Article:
*The discontinuance of all RBZ involvement in quasi-fiscal operations, government belatedly assuming responsibility for that which should be executed by it, instead of being imposed upon the RBZ.Â
That imposition, over the preceding almost five years devastated RBZ credibility, hindered its pursuit of its core obligation, and severely fuelled inflation.
*RBZâ€™s extensive relaxation of exchange controls, its restoration of Foreign Currency Accounts (FCAs) retention and management to the private sector banking entities, concurrently with discontinuance of mandatory foreign exchange surrenders, at specious exchange rates, which had severely restricted exporter viability.
*Wide-ranging economic deregulation: first phases of decentralisation and minimisation of state controls, including the immediate restoration to urban local authorities of control and management of water procurement, purification and distribution.
*Declared intents to vigorously contain corruption in both public and private sectors.]
These are but a few of the extensive, positive changes and declarations of intent initiated or voiced by the new inclusive government, within a very short passage of time since it came into being.
However, despite these highly commendable developments, there have also been a few very marked and disturbing, potentially damaging, contradictions.
The inclusive government has stated very categorically that although land reform is irreversible, nevertheless it would from now be implemented effectively, equitably and constructively.
Prime Minister Morgan Tsvangirai has said emphatically that all land redistribution must be in accordance with the law, and that farm invasions must cease forthwith, any such invasions constituting acts of theft that would be justly dealt with.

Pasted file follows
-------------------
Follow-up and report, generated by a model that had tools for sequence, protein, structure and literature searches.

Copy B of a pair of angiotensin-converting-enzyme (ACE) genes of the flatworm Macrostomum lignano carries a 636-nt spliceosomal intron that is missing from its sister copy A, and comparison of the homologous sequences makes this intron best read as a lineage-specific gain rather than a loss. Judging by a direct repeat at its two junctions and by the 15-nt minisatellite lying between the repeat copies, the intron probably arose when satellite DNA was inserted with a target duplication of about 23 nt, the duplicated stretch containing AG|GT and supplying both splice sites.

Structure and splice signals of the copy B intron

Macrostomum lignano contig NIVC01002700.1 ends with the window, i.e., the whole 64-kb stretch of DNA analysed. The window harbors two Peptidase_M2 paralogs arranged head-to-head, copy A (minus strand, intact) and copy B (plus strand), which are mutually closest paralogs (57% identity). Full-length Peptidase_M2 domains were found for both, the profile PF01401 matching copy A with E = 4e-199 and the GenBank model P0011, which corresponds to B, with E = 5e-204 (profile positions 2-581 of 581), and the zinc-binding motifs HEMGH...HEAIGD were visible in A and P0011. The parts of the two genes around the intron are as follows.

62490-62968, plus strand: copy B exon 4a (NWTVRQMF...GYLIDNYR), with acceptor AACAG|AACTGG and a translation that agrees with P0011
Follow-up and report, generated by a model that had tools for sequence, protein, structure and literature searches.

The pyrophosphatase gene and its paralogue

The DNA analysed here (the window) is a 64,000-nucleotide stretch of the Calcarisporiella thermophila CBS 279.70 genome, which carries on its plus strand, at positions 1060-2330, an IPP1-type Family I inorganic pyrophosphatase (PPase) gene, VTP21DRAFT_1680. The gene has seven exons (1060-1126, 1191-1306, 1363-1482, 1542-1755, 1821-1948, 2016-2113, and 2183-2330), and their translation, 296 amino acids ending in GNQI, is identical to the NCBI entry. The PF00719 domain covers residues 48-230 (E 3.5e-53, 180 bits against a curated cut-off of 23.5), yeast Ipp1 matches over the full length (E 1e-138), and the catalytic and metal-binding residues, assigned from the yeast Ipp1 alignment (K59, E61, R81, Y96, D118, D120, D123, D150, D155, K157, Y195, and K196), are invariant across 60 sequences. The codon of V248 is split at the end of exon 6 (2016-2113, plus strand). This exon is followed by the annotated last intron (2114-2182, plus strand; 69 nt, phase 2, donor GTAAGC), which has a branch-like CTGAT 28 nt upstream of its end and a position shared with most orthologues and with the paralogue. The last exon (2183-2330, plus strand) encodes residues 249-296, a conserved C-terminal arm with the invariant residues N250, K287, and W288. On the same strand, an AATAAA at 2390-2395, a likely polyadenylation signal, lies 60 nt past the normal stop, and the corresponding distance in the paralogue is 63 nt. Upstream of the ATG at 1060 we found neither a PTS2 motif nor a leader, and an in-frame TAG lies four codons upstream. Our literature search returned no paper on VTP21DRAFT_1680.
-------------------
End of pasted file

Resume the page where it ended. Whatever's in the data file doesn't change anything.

Nevertheless invasions continued, despite spurious governmental denials (for evidence on the ground of such invasions is irrefutable), and as yet, there have been no signs of preventive or punitive actions.
Concurrently, although without specific reference to, or authorisation of farm invasions, President Mugabe impliedly or tacitly appeared to condone them, with outspoken reiteration that the land reform is an absolute which will not be reversed, and that all land, without exception, must vest in Zimbabweans (and insinuating that such Zimbabweans must be black).
On the other hand, last week more than 20 white farmers in the Midlands province received offer letters which would enable land allocations to them.
If agriculture is to be restored to its former productive state, and if investors are to feel assured of ongoing respect for property rights and, therefore, of investment security, these contradictions must cease. Land reform must be implemented without racialistic undertones, peacefully and fairly, and with full recognition and respect for Bilateral Investment Promotion and Protection Agreements.
Yet another contribution is that not only does government claim determination to eliminate inflation, but also to motivate and facilitate investment, but concurrently it radically raises various of its charges to prohibitive levels (such as the excessive fees now payable to the Registrar of Companies), and it fails to motivate its parastatals and local authorities to charge fair and reasonable tariffs (reasonably aligned to those prevailing elsewhere in the region).
The crossed and conflicting messages of these, and other statements and actions are major retardants to a comprehensive and expeditious economic recovery, and need to be very speedily, effectively and constructively addressed by government.
BY ERIC BLOCH